LONDON, United Kingdom, March 10, 2016 (LifeSiteNews) – A law criticized for authorizing a sweeping state intrusion into the privacy of family life was challenged in the United Kingdom's Supreme Court this week by Christian and parental rights groups.
Colin Hart of the Christian Institute, one of the plaintiffs, called the law “an insult to the fundamental rights of mums and dads to bring up their children the way they see fit[.] … This is a compulsory scheme. There is no way for parents to opt out or to be the named persons for their own children.”
The law behind the Scottish government's Named Person scheme, the Children and Young People Act, was passed in 2014, but it is still months away from implementation – time enough for the Christian Institute, CARE, the TYMES Trust (for parents of children with chronic fatigue syndrome), and the Family Education Trust to appeal against it on the grounds that it violates existing privacy law and the constitutional rights of parents. The panel of five judges that finished hearing the case Wednesday says it will order the government to delay enforcement till it rules.
Under the far-reaching scheme, a “named person” – a teacher, school administrator, midwife, social worker, etc. – will be assigned to every Scottish child up to the age of 18, tasked with overseeing his interests and able to gather information from doctors, social agencies, schools, courts, and the children themselves, unbeknownst to the parents.
As the child grows, and as his named persons die, change jobs, or lose contact, the persons assigned change, widening the circle of people privy to the child's and family's information.
“There are two sinister ideas behind this,” a spokesperson for the No to Named Persons campaign told LifeSiteNews. “The first is that parents cannot raise children without professional help provided by the State – that for children to grow up to be successful Scottish adults, there must be early intervention by the government.”
“The second and more sinister idea is that every parent is a potential child abuser, that there is much more abuse going on than ever gets made public, and the only way to prevent this is by this early intervention by the State.”
This will create a barrier of suspicion between parents and children and officials they ought to trust, such as doctors and “health visitors” – a type of public health nurse who advises parents on child care in infancy.
Aidan O'Neill of the Christian Institute told the panel of judges that if a teenager is prescribed birth control pills, the named person must be informed – but not the parent. O'Neill said a named person could even advise the child to take birth control pills against the expressed wishes of the parents.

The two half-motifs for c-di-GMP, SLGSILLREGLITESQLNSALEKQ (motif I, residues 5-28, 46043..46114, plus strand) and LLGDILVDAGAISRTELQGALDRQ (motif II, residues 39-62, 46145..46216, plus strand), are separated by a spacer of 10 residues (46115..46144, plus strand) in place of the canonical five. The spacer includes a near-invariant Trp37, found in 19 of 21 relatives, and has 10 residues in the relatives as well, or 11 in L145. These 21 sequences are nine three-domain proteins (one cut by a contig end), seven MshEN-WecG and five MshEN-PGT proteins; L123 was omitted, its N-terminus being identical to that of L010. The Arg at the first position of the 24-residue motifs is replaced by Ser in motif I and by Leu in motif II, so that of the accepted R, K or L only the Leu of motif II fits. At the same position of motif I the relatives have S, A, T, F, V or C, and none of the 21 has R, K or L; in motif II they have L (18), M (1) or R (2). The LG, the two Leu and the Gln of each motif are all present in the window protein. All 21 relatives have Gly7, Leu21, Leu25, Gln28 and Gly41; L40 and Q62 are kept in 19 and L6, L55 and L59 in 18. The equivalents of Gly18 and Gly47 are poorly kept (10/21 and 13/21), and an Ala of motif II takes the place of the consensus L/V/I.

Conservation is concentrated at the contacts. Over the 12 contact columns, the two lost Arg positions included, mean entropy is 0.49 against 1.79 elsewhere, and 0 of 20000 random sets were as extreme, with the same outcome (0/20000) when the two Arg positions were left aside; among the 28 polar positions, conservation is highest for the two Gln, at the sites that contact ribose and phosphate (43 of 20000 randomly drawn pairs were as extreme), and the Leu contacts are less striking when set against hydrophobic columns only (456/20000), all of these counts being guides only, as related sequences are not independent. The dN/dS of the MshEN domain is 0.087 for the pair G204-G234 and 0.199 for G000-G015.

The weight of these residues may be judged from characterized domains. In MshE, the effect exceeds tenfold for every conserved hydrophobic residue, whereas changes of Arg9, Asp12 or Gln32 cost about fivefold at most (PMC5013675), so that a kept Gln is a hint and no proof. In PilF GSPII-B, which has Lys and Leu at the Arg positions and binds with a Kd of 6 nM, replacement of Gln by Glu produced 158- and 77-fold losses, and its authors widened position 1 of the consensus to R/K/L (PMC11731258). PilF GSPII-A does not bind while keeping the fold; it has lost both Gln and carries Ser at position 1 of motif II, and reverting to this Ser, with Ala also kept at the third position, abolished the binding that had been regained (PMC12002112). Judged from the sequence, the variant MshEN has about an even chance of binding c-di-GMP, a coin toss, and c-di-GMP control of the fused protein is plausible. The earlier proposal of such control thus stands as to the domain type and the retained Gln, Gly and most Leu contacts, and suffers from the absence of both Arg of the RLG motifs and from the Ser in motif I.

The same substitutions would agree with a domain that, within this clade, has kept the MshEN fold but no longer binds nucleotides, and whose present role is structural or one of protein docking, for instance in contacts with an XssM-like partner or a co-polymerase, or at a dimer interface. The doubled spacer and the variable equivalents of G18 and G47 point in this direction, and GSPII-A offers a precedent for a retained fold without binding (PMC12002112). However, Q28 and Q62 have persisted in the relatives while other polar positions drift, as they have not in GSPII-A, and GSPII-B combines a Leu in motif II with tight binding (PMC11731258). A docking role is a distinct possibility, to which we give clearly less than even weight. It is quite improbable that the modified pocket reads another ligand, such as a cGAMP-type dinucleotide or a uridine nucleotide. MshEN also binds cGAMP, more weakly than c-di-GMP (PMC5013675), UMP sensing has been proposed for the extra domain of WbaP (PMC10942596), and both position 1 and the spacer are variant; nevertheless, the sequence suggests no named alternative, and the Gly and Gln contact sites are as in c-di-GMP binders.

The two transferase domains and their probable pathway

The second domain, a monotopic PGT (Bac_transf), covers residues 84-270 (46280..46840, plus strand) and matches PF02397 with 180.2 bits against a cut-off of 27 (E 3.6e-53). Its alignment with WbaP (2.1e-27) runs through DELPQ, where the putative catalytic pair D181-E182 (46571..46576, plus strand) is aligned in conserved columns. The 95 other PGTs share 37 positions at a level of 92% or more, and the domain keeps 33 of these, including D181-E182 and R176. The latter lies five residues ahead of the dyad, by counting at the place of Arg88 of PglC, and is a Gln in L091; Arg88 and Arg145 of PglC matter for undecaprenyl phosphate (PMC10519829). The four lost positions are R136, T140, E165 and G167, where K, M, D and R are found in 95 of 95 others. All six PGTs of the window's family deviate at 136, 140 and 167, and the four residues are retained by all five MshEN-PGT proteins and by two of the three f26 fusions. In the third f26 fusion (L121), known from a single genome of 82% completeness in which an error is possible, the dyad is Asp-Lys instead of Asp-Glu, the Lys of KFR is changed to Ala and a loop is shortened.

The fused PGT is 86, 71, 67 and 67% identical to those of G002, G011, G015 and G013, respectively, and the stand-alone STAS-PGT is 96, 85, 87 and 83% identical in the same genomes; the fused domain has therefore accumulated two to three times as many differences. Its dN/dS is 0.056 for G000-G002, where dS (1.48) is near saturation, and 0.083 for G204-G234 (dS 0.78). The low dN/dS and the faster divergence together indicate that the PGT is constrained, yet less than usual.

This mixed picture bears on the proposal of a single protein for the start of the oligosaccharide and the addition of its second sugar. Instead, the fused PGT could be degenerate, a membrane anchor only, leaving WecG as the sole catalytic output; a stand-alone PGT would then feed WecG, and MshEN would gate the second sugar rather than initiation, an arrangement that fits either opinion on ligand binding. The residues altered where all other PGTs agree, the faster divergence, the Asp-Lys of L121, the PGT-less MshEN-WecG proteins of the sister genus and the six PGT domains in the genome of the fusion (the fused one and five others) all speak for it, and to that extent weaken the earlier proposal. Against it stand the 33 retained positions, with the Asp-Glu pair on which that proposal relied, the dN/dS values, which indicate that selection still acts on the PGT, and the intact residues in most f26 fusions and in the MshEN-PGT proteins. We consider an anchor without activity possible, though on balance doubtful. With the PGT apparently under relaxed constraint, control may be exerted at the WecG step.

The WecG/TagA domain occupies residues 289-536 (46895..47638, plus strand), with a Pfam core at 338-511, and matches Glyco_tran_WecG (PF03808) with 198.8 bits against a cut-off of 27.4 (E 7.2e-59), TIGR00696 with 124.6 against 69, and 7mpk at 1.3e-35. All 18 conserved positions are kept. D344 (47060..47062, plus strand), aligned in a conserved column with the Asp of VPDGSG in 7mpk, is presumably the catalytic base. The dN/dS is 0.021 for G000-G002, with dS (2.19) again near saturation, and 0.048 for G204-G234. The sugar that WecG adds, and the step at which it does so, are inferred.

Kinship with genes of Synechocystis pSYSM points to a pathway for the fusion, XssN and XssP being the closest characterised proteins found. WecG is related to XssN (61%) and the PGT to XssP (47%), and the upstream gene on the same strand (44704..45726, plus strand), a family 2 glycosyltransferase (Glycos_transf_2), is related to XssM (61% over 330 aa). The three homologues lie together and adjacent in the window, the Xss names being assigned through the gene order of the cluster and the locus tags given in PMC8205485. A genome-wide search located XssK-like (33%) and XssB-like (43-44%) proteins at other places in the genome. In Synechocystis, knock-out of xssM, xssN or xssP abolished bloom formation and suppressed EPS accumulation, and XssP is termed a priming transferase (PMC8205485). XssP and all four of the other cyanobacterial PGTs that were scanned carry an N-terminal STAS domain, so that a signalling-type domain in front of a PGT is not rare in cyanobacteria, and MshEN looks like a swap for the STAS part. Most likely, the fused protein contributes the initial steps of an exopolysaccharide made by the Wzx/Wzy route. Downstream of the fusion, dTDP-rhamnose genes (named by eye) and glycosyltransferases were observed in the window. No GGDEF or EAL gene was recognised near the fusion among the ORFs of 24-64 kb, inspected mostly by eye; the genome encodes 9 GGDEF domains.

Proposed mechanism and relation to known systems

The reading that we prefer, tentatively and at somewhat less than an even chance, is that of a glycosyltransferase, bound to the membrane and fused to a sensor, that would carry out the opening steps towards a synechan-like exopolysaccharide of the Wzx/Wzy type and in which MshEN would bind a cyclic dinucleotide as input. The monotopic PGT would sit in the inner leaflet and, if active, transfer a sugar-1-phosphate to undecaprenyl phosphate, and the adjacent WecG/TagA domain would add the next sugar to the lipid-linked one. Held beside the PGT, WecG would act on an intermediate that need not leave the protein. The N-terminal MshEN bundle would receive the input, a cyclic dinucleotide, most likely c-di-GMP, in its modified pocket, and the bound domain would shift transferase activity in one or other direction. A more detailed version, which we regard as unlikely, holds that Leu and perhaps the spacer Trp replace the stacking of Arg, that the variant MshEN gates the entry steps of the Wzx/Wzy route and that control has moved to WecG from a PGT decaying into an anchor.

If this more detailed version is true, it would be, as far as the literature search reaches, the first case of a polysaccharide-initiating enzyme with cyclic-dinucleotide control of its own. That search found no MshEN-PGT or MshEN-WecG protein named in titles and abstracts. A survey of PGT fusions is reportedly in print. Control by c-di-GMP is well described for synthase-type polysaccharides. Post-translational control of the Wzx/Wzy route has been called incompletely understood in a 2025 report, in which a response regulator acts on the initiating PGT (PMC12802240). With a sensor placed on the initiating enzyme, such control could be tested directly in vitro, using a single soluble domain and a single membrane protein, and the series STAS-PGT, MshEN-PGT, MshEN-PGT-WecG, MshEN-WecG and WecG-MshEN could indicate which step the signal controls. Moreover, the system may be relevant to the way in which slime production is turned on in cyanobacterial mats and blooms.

The spokesman for No to Named Persons told LifeSiteNews, “This really drives a horse and carriage between parents and their children.” The coalition against the law admit that child abuse exists but want the Scottish government to focus on children known to be in need of intervention, not add to the workload of teachers and overworked social workers by assigning them to be advance agents of unneeded government aid.
Defenders of the scheme, such as Social Work Scotland, describe the named person as every child's “entitlement” that will allow social workers to focus their efforts. “Social work is a targeted service. Not all children need it,” argues SWS's president, Alistair Gaw. The named person will summon the social worker, according to Gaw, only when needed.
What's more, defenders claim, the welfare of children now falls within the responsibilities of many different agencies that don't communicate. The named person would bring all this information together.
According to critics, some named persons could be responsible for dozens or even hundreds of children.
The organizations challenging the new law argue that it violates existing law that puts the threshold for sharing a family's private information from what is “necessary” to protect the child to what is deemed “appropriate,” which means, according to the No to Named Persons spokesperson, “you can do whatever you want.”
As well, they argue that it violates European privacy rights and recognition of the family to be a “necessary underpinning” of society.